As 50,000 members of the cyber security community descended upon San Francisco for the annual RSA Conference to discuss solutions to the security questions facing us, 34 technology companies revealed that they plan to start doing something.
In signing the so-called Cybersecurity Tech Accord, Cisco, Facebook, Microsoft and 31 other companies have pledged to "defend all customers everywhere from malicious attacks by cybercriminal enterprises and nation-states."
The accord is, at least in part, a reaction to the ongoing reports of cyber-meddling in the 2016 Presidential election, and the continuing FBI investigation into that meddling. It also comes on the heels of the Cambridge Analytica fiasco that has had Facebook CEO Mark Zuckerberg testifying before Congress and the company in damage control mode. A further boost in the Accord's profile was provided Monday, when American and British leaders issued an unprecedented joint warning about Russian cyberattacks against government, private organizations and even individuals.
The Accord group, which was to meet for the first time at RSA Conference to discuss building capacity and take collective action, was also notable in part for the names that were not involved. Apple, Amazon, Google and Twitter did not sign the initial accord, although the group's announcement established that the Accord "remains open to consideration of new private sector signatories, large or small and regardless of sector."
Only two foreign companies were on the list, and both are large telecommunications firms: Finland's Nokia and Spain's Telefonica.
The accord was spurred in part by Microsoft President Brad Smith, who has repeatedly called for development of a "digital Geneva Convention" agreement that would establish behavioral norms in the digital world, much the way the Geneva Convention did for conventional warfare.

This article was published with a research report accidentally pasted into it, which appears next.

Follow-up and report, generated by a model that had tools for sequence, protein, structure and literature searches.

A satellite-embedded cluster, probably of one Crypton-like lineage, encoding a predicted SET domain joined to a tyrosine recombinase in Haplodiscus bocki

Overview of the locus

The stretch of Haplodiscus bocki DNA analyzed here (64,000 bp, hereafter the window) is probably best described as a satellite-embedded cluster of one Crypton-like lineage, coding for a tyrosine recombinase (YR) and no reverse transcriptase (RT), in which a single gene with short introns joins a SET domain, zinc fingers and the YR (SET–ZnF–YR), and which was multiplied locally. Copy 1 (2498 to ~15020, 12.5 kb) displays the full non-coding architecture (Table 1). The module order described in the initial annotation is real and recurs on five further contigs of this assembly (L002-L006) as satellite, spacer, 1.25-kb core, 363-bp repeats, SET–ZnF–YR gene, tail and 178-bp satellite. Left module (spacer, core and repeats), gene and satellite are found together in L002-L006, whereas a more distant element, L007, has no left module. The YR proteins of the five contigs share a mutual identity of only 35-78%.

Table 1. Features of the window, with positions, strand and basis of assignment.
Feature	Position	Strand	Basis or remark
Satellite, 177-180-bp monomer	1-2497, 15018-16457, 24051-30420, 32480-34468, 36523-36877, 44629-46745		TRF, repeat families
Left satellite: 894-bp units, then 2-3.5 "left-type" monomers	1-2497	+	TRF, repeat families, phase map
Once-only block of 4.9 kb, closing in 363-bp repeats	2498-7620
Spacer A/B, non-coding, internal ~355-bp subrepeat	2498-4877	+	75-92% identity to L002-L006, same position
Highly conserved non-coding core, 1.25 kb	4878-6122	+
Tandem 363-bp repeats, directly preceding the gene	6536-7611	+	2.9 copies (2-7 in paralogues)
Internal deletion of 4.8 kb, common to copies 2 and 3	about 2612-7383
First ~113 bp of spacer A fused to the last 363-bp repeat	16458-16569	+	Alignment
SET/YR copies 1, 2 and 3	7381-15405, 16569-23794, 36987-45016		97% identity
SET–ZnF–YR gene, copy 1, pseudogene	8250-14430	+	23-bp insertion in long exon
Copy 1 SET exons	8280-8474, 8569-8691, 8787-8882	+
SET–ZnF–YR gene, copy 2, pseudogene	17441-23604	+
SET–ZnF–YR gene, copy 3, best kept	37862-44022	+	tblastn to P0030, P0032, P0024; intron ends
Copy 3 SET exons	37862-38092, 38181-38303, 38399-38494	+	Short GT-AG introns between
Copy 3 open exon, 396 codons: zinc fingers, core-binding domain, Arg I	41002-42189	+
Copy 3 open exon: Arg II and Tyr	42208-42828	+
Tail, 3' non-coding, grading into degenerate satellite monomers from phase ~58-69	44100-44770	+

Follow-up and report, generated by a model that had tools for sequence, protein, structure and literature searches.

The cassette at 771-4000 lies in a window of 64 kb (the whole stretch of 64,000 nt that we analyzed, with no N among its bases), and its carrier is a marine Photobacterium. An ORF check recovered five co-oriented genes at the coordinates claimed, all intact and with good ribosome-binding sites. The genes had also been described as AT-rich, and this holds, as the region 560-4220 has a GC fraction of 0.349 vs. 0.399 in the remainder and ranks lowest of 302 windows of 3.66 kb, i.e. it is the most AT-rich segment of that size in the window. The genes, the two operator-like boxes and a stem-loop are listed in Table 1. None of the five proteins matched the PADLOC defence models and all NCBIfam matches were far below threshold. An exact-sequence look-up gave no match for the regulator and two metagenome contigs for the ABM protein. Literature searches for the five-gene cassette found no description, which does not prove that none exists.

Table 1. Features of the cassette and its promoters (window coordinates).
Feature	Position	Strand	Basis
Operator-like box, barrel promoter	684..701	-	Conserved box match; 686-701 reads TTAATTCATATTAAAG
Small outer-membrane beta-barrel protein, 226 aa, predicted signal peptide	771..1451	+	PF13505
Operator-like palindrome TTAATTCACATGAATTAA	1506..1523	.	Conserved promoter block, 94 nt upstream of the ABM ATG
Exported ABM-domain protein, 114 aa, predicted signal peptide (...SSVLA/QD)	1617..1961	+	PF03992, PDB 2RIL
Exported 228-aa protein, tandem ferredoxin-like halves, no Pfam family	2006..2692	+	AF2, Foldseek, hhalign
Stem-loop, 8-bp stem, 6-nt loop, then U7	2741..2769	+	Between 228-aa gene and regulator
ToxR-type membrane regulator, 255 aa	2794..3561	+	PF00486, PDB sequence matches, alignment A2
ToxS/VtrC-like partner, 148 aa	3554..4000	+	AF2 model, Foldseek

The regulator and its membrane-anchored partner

“The devastating attacks from the past year demonstrate that cybersecurity is not just about what any single company can do but also about what we can all do together,” Smith said in the Accord announcement.
Smith mentioned the accomplishment of bringing the Accord to fruition during his keynote address at RSA Conference, echoing a blog post he authored this week.
"The success of this alliance is not just about signing a pledge, it’s about execution," Smith wrote. "That’s why today is just an initial step and tomorrow we start the important work of growing our alliance and take effective action together."
Meanwhile, during RSAC's annual keynote panel of cryptographers, one of the panelists indirectly (and possibly unintentionally?) commented on the Accord when the Facebook scandal came up, questioning whether companies vowing to take more control of security should provide much peace of mind.
"We can't count on the companies that are profiting from our data to protect it," said Paul Kocher, the founder of Cryptography Research who is now an independent security researcher and advisor, in an apparent admonishment of Facebook.
Whether the Accord ultimately proves to be a springboard to tech products being built with stronger security and privacy features remains to be seen, but for now, the fact that the tech world is looking to establish security and privacy as larger priorities can only be a positive development.